Linux .bash_profile File

The bash shell provides a lot of features that can be configured by using bash configuration files like /etc/profile , ~/.bash_profile , ~/.bash_login etc. The .bash_profile file is located in the current user home directory as a hidden file. In some distributions may use the ~/.bashrc according to the .bash_profile file. In this tutorial, we examine how to find the bash profile file and create it if it doesn’t exist.

Bash Configuration Files

Bash provides different configuration files. The /etc/profile file is used by all users in a Linux system and first, these configurations are applied to the bash shell. And the .bash_profile is located under every user home directory where every user may have different bash configurations. This configuration file overwrites over /etc/profile configuration.

Create .bash_profile File

By default, the .bash_profile is not created by most of the Linux distributions. Actually, the .bash_profile is a normal text file that contains bash configuration like regular bash commands. We can create .bash_profile file like below.

$ touch ~/.bash_profile

The previous command only creates the .bash_profile file but does not open it to make some changes and configurations. Alternatively following command can be used to create if not exist and edit the .bash_profile file.

$ nano ~/.bash_profile

Configure .bash_profile File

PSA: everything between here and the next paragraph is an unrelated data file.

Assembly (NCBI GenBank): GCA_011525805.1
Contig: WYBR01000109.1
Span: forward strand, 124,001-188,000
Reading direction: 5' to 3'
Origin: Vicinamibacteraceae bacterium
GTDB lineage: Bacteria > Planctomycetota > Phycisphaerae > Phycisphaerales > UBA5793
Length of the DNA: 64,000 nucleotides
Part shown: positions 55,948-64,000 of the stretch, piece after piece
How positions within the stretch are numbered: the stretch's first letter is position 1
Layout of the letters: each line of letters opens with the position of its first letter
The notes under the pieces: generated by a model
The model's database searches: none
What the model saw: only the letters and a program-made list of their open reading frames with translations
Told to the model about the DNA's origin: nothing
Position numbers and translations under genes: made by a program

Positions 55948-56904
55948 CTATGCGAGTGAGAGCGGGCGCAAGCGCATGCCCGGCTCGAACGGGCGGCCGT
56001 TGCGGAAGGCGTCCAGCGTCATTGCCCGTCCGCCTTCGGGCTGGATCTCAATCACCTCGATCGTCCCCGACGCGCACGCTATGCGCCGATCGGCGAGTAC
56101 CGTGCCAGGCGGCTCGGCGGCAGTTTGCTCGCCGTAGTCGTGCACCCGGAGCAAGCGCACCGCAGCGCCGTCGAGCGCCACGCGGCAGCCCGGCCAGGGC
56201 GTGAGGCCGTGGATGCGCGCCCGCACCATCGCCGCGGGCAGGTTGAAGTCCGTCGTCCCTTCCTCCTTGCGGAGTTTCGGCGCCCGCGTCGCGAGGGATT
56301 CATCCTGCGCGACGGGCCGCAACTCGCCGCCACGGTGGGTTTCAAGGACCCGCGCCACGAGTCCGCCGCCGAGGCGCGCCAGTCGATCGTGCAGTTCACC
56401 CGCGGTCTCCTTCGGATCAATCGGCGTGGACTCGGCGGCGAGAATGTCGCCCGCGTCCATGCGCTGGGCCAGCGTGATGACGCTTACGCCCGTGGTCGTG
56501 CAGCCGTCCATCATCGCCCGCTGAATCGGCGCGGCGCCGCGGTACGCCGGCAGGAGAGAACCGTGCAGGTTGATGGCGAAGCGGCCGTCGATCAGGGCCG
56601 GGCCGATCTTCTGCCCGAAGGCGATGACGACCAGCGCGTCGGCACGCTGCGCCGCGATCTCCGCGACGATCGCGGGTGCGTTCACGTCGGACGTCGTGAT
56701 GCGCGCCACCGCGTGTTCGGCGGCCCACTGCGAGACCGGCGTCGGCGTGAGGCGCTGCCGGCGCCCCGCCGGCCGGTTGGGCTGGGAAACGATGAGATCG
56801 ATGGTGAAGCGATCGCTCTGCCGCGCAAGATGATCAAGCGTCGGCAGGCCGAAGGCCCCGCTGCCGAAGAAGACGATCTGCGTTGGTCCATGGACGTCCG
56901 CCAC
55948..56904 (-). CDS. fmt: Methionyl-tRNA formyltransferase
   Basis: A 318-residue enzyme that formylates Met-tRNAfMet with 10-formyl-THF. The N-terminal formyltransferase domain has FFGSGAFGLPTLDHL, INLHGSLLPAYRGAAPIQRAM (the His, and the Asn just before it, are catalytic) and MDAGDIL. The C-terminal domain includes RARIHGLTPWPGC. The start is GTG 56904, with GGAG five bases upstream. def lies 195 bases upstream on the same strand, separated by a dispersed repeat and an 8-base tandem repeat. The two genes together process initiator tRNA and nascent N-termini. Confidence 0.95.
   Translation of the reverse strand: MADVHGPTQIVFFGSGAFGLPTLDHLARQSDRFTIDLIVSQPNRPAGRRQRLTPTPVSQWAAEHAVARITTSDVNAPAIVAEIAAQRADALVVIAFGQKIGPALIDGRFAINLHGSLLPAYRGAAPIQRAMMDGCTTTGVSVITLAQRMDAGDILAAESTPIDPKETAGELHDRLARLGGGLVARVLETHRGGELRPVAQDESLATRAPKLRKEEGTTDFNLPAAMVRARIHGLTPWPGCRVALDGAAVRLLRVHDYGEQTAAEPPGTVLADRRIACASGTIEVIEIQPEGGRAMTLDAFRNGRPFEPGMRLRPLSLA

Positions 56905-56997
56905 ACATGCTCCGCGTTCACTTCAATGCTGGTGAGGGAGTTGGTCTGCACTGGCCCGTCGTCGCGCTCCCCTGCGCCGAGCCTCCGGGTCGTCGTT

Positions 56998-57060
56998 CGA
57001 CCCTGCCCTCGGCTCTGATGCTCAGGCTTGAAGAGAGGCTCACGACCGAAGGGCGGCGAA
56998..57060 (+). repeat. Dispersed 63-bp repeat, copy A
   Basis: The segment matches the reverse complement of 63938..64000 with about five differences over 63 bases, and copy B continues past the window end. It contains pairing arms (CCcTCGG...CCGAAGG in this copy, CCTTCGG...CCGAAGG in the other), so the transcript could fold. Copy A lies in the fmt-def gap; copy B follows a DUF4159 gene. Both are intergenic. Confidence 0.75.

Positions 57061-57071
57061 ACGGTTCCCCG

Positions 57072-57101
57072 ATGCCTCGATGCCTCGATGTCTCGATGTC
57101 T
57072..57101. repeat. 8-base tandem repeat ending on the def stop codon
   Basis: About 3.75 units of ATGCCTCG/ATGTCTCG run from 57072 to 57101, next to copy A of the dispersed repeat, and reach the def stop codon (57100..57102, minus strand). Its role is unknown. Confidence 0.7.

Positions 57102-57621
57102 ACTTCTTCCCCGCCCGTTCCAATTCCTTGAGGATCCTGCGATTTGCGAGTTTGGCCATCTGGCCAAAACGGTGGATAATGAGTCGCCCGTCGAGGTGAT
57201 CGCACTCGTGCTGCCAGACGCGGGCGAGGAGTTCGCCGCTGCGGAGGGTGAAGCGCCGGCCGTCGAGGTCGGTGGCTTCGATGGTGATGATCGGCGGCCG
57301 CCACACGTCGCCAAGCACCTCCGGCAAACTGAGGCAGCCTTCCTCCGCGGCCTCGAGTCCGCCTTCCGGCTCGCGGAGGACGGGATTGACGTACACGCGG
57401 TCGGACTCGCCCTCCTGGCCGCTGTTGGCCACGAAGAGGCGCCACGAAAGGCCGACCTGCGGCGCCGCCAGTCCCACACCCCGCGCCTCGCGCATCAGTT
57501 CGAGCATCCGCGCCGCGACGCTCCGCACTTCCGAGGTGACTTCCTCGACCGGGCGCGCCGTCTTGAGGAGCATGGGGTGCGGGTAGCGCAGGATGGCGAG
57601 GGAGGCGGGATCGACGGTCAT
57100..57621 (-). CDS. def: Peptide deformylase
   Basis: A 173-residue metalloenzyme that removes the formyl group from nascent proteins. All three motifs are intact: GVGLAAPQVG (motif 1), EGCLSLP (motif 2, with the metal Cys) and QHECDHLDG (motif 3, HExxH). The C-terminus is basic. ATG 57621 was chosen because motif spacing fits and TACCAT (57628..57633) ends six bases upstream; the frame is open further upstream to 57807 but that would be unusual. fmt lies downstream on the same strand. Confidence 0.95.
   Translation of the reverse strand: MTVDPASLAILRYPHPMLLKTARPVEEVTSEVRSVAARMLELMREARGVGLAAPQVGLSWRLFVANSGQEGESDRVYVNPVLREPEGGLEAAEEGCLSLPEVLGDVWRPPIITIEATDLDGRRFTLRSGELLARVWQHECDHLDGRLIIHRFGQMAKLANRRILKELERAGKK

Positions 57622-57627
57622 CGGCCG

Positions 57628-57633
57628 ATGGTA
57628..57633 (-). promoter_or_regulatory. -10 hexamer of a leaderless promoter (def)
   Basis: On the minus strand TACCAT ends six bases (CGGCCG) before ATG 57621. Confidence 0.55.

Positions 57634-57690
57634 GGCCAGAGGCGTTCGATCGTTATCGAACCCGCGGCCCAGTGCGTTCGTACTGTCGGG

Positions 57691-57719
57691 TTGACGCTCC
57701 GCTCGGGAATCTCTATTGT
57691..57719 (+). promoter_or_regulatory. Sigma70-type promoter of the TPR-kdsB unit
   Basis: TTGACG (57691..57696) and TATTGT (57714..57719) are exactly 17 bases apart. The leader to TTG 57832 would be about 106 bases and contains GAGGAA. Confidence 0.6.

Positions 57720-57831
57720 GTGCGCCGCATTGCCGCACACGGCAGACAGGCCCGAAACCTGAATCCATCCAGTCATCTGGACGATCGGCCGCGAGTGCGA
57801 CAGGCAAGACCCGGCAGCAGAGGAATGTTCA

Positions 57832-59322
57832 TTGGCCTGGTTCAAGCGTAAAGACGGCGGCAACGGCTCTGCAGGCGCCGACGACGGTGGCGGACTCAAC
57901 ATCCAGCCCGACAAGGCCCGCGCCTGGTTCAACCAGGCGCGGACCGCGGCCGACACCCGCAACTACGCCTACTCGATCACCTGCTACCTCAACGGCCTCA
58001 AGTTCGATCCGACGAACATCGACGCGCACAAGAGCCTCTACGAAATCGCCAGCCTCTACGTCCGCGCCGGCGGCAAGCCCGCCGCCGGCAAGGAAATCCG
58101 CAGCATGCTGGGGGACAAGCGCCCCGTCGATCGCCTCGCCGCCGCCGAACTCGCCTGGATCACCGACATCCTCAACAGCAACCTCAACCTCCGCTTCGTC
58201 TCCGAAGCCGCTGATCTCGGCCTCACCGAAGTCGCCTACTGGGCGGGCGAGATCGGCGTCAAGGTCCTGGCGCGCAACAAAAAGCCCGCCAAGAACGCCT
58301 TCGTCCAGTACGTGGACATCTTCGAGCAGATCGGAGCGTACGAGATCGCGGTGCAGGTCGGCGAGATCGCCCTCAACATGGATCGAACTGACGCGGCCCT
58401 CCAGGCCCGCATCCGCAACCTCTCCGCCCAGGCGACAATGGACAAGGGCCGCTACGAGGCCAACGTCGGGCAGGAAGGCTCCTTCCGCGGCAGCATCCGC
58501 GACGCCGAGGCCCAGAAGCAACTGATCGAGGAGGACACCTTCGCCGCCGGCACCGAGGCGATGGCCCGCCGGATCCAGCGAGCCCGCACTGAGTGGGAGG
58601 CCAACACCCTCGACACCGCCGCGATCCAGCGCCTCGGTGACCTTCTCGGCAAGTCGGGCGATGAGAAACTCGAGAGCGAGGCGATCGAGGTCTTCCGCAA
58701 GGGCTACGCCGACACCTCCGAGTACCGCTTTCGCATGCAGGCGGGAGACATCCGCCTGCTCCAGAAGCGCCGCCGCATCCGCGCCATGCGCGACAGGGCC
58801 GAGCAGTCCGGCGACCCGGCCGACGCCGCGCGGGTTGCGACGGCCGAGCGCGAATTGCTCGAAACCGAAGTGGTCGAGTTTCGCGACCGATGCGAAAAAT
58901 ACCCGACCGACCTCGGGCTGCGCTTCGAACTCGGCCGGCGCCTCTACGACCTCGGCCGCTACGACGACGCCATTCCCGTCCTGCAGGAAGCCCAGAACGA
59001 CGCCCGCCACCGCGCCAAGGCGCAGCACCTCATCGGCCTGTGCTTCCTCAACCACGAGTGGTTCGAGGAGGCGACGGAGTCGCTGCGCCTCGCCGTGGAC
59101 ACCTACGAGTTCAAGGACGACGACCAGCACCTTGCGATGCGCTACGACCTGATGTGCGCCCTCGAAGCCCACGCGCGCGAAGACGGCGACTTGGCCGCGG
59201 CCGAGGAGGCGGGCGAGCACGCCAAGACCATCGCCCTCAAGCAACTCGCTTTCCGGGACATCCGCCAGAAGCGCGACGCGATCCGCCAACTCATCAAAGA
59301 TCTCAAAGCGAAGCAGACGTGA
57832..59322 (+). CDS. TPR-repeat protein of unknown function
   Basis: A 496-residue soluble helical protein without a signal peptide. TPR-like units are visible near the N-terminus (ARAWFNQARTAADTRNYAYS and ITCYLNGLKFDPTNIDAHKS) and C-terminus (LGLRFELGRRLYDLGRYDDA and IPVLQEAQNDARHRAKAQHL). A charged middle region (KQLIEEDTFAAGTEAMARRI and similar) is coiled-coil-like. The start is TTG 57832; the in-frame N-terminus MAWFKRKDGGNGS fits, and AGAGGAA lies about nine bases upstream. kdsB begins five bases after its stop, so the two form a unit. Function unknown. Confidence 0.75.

Bash provides a lot of features even a programming language. All of them can be configured via a bash shell. Also, the .bash_profile file is used to configured newly opened bash shells or terminals. For example, the command prompt is set with the PS1 environment variable and the bash shell command prompt can be changed by setting a new value for the PS1 environment variable in the .bash_profile file.

export PS1 = "$ "

Open Another User Bash Profile File

The tilda ~ is used to locate the current user home directory but what if we need to open another user bash profile file. We can use the absolute path of the .bash_profile file. In the following example, we open the user ismail bash profile file.

$ vim /home/ismail/.bash_profile

Backup Bash Profile File

Bash profile file changes over time and if there is a big change this may break the profile file. Taking backup of the bash profile file regularly is a good habit. It is very easy to take a backup of the bash profile file. Generally the name .bash_profile.bak is used as the backup file name for bash profile.

$ cp ~/.bash_profile ~/.bash_profile.bak

Systemwide Profile File “/etc/profile”

The /etc/profile file is used as a system-wide profile file where before loading a user-specific profile file this profile file is executed and applied. This system-wide profile file contains checks about shell type, user ID, and loading multiple profile files via /etc/profile.d directory.

Systemwide Profile File “/etc/profile”
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